Three key documents you need BEFORE you have a security breach

A few years ago, I was called in to help with a crippling cyberattack on a company. In a crisis, it’s critical for a consultant to orient themselves as quickly as possible. This requires key information: The entry and exit paths, for example. Traditionally, this would involve reviewing network diagrams, data flow diagrams, and data maps. When I asked for these key documents, I got blank stares.

As a result, we lost valuable time with team members drawing pictures, documenting networks, identifying partners, vendors, remote links, and of course, all the associated paths that bad actors could use. Every minute you waste during a crisis reduces your chances of recovery and wastes valuable resources. 


Supply chain vulnerability – Can too many vendors make you less secure?


All of this waste could have been avoided with the creation of three documents.  In any crisis, these documents’ value is radically disproportionate to the amount of time it would have taken to create them. In the worst-case scenario, the combined documents can take a few days.  In the normal course of business, a few days is a manageable investment. In the case of a security breach, a few days might mean the difference between recovering or shutting down your business. 

So what are these three documents? They are:

  • Network diagrams
  • Data flow diagrams
  • Data map documents

Network diagrams can be completed in a few hours, so I’m always shocked how many companies don’t bother to create them. It’s just a picture of what servers/instances/services you have running in your environment. It shows all the systems that keep your business running. It includes details such as location, IP address, machine name, purpose — anything that would help you identify the system without your team being present.

Companies often combine the network and data flow diagrams. I like to separate them. You can see precisely where your data is stored, where it is transmitted and via which medium. Think of a road map with directions to and from the systems, suppliers and partners that shows how your data moves. This chart should include ports, logs, flow direction, location, and everything that will help detect where data is transmitted and stored.

Creating this chart requires tracking down every vendor or partner you work with and how you communicate with them. It’s not onerous, but it takes time. Start with a list from finance and work your way through each department to the outside world. You will use this list extensively in the last document.

The third document is tightly coupled to the data flow chart. Normally, the data map document fits well into a spreadsheet and includes fields such as:

  • The product and company it belongs to.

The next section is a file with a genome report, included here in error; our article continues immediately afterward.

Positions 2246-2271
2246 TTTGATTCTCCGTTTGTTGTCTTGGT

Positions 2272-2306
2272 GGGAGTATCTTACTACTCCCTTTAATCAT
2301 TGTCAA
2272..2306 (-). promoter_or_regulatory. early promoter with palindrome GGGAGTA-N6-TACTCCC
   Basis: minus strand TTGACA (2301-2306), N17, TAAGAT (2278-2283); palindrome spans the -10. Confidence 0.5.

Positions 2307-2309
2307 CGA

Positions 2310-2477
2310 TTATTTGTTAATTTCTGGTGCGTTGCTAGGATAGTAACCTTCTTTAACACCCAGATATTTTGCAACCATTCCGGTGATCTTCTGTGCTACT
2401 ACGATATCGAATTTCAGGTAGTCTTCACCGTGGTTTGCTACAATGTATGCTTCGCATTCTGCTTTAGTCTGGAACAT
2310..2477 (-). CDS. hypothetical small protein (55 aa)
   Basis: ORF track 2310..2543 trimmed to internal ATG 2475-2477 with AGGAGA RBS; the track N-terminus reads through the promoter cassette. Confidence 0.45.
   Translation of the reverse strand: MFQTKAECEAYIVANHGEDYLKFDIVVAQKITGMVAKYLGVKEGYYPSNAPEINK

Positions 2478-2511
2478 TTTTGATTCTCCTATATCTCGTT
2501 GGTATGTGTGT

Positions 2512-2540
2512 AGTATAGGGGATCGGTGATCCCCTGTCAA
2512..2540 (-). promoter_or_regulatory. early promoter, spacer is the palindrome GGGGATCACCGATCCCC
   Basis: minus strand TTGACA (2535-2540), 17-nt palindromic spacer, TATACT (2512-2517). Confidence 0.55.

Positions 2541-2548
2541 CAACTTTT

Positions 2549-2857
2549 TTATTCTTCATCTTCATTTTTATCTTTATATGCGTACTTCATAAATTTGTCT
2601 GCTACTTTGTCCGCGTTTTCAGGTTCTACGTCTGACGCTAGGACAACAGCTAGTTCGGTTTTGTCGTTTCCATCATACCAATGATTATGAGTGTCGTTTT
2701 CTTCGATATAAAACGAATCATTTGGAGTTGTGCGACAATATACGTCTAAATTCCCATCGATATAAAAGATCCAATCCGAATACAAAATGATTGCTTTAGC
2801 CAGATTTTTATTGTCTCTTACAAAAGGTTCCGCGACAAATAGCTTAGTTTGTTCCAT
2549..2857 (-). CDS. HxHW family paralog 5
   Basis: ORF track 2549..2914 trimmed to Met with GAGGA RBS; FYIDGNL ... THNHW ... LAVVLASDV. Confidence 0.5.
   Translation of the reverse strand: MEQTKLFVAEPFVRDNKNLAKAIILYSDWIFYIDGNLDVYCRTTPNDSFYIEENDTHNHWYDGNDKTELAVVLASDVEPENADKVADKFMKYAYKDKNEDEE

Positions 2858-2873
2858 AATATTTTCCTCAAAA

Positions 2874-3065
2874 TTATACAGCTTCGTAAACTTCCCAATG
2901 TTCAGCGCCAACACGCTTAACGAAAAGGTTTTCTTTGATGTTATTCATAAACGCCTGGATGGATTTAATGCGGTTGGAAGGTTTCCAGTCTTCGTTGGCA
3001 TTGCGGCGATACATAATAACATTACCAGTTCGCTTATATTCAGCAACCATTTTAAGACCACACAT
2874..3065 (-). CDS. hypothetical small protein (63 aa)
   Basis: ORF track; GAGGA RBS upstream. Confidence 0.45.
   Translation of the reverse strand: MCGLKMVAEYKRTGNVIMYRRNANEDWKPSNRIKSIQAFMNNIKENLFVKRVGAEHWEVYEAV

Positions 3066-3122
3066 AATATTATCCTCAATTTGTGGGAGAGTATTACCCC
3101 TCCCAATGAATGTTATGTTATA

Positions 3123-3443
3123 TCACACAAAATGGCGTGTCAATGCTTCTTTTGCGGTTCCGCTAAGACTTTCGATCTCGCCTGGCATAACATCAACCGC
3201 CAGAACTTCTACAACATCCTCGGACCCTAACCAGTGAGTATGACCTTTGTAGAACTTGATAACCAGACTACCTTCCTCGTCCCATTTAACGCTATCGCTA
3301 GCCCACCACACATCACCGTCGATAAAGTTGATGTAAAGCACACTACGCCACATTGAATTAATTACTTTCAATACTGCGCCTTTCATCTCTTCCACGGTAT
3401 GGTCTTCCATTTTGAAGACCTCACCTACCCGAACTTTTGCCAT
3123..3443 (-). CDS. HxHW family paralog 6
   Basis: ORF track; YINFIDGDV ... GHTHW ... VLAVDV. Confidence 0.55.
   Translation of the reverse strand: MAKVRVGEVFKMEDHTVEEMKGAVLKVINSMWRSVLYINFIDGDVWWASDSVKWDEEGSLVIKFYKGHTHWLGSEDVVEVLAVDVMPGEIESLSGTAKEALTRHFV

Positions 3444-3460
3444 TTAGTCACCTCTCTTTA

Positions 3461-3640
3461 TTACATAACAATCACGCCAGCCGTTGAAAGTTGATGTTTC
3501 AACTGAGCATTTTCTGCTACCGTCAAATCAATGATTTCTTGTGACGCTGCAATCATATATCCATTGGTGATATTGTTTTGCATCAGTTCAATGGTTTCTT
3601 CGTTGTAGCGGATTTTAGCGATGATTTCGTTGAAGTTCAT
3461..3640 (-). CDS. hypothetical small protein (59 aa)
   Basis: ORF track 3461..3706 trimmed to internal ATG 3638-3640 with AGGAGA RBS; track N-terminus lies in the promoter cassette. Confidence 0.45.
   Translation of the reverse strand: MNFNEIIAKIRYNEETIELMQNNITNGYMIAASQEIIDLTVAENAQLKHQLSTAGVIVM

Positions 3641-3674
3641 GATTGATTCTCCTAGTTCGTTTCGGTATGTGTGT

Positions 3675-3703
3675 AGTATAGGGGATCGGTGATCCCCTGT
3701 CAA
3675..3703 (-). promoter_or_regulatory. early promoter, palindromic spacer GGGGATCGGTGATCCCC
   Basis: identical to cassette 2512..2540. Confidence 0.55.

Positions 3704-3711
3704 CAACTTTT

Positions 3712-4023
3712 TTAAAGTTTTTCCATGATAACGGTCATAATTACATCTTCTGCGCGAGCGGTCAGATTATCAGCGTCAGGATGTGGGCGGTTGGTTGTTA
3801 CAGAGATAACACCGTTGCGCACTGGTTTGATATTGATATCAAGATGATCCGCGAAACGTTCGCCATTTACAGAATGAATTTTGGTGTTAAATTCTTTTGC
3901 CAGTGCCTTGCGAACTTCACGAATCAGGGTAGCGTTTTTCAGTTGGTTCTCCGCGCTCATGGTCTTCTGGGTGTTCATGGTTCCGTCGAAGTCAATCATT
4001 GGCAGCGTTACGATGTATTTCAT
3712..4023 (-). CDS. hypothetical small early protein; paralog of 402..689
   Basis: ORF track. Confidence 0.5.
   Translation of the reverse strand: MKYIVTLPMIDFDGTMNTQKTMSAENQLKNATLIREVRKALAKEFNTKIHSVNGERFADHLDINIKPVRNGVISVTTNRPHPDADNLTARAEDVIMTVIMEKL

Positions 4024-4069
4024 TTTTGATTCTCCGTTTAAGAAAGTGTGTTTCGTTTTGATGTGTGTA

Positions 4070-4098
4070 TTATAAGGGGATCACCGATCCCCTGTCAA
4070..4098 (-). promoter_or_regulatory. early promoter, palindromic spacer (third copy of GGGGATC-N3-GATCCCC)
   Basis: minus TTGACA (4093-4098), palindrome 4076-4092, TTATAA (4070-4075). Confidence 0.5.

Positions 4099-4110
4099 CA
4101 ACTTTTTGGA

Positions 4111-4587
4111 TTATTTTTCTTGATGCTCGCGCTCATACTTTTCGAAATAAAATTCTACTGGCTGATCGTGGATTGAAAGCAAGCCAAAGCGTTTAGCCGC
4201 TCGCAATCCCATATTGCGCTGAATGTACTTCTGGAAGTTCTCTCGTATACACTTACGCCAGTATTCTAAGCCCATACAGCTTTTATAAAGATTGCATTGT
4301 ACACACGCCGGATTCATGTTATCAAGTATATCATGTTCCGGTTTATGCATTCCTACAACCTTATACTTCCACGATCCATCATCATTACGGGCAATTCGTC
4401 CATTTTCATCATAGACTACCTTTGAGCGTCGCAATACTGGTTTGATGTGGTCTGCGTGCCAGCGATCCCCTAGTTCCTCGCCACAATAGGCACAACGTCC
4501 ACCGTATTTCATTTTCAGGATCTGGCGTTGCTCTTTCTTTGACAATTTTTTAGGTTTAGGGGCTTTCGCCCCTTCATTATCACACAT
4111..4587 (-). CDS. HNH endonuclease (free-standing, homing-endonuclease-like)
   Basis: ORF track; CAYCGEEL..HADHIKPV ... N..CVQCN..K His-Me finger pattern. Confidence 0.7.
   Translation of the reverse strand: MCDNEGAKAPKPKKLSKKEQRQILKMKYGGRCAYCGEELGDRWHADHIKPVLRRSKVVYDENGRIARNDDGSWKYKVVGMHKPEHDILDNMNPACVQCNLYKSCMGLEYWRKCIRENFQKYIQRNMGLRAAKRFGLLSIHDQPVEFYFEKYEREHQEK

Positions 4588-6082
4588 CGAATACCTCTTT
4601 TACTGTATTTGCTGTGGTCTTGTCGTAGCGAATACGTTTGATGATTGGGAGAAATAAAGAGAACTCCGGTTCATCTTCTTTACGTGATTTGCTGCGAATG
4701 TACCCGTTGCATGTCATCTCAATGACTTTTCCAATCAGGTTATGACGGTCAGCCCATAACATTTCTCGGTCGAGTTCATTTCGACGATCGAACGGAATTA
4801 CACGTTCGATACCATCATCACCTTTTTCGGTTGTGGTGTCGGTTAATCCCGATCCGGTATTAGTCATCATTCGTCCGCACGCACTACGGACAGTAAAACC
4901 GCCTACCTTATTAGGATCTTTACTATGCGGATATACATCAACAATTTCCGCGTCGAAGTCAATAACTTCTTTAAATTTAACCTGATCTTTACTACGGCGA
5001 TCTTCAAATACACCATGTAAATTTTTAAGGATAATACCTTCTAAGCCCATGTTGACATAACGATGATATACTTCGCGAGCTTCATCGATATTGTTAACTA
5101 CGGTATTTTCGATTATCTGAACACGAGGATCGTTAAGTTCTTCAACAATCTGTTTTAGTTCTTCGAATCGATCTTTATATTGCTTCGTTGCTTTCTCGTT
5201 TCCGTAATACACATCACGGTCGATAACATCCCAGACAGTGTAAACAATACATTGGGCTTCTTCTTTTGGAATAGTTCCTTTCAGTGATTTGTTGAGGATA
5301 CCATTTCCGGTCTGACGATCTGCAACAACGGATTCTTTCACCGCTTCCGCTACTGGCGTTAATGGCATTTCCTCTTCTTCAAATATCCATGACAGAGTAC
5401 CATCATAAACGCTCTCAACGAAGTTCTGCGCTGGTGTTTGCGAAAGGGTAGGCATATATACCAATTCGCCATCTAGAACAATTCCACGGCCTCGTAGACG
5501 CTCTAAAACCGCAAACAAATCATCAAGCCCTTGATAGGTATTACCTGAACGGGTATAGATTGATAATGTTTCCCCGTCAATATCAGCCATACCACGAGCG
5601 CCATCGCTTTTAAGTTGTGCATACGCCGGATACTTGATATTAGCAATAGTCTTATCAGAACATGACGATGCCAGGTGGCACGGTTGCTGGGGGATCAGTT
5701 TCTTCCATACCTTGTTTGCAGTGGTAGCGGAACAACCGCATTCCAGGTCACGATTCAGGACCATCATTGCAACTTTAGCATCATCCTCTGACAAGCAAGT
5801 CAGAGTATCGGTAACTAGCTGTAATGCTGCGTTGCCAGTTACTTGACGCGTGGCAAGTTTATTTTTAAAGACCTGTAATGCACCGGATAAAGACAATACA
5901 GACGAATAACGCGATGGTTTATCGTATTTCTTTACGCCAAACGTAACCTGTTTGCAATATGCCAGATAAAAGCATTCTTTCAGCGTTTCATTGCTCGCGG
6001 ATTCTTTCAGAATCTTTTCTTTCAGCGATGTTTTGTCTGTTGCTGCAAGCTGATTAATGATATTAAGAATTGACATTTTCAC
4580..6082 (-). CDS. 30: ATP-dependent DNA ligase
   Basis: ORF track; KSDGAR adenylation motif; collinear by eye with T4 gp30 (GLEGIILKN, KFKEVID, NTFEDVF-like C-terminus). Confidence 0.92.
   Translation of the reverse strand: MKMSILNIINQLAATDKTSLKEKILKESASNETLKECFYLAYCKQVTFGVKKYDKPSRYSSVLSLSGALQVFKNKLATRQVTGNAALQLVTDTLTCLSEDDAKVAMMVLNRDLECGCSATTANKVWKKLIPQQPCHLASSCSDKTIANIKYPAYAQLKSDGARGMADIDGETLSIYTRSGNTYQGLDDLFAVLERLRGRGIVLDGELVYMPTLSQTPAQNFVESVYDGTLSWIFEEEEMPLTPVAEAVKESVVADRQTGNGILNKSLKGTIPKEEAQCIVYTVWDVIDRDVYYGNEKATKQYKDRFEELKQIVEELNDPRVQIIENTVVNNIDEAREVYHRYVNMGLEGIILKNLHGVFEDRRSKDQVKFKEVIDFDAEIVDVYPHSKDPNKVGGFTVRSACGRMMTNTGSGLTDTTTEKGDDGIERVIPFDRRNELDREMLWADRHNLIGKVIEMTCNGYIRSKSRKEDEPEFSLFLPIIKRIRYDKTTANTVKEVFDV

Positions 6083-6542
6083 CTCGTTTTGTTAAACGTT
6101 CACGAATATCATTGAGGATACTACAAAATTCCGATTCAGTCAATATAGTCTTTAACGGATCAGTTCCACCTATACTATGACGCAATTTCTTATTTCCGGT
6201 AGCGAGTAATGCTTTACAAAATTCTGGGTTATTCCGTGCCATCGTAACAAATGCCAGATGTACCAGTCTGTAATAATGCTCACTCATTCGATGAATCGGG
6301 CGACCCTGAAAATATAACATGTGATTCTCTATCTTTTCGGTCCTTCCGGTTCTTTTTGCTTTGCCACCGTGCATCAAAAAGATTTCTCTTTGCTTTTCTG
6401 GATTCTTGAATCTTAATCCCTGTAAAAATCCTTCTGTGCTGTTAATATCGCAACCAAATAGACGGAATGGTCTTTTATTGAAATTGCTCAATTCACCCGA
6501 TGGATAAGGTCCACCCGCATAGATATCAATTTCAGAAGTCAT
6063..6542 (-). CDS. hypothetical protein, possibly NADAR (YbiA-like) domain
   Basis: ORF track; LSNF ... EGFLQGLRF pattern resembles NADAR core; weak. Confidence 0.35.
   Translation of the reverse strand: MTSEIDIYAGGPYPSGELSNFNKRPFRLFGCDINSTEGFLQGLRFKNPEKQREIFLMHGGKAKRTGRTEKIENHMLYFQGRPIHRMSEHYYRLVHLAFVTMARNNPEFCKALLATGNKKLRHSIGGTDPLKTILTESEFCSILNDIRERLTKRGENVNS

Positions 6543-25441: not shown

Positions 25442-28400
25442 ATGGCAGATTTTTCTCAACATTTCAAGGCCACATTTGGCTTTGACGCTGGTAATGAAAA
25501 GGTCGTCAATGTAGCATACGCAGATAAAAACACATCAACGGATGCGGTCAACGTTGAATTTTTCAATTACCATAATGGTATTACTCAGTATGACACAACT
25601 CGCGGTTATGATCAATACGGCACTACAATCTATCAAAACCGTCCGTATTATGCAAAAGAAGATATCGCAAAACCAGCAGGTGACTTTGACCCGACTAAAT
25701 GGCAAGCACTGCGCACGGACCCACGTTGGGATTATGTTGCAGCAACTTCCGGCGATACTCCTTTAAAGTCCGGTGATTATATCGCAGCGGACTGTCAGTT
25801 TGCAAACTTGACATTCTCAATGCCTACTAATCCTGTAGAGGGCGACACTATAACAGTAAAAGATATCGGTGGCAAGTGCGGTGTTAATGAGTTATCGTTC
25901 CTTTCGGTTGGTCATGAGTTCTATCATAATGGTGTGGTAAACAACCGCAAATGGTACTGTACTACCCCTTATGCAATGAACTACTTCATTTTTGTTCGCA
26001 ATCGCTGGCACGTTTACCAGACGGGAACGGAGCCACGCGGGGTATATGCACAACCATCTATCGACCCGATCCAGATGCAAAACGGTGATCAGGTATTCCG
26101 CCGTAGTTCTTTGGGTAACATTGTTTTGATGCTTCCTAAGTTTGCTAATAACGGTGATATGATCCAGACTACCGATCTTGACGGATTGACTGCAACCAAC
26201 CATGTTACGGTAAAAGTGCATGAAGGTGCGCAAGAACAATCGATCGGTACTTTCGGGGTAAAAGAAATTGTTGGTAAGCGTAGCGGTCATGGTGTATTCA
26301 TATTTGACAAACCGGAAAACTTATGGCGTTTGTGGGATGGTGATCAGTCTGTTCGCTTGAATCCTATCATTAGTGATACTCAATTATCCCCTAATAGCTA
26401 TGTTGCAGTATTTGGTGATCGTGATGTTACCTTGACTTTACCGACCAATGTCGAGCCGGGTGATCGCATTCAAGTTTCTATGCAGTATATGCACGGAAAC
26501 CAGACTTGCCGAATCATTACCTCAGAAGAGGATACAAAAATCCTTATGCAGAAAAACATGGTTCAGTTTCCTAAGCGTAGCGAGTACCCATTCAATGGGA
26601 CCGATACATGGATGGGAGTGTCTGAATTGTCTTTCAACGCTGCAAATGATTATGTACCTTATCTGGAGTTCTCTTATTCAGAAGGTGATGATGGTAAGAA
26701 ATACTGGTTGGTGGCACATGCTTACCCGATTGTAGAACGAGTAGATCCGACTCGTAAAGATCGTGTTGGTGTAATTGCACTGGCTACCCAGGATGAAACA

• Location of the company and where they store their data.
  • What info is being collected – name/address/driver’s license etc.
  • The purpose for collecting the data – sales/compliance/financial analysis etc.
  • Owner – who is responsible for the data?
  • Who does the data belong to – customers/app users/prospects etc. 
  • Where do these people reside?
  • How many records do you maintain? This is important for estimating penalties or losses.
  • Who has access to this information, and where do they reside?
  • The legal purpose for collecting the information.
  • Data retention timeline for this information.
  • Data protection measures in place for this information.

These fields will be dependent on your governance or compliance requirements. Some are consistently required. For example, you must list all the companies you are communicating with and what specific data you extract from them. A user should be able to say exactly which data fields a company has access to. In the event of a breach, you will clearly see what potential information a bad actor may have seen or taken.

Think about the ROI

Besides the head start these documents offer regarding governance and compliance, you also have a huge time advantage when (not if) something goes wrong such as losing your single network administrator or getting involved in a crippling attack.

In the example I started this piece with, we managed to stop the crippling attack and get the company back in business. While any recovery takes time, the extra time it took to recover caused a severe blow to their earnings. It took months for them to recover, but a portion of that time could have been avoided.

So remember the Big Three. If you have the internal resources to get them done or contract them out to a consultant like me to help, the ROI is significant. When you have to respond to a security incident, the value of these could be, to paraphrase that old MasterCard commercial, “priceless.”  

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Jim Love, Chief Content Officer, IT World Canada
Jason Barr
Jason Barrhttp://[email protected]
I’m a technology consultant who focuses on unifying IS/IT and security to bridge the business divide. My practice centers around digital transformation and efficiency as a virtual CIO/CISO to help companies reach their strategic objectives.

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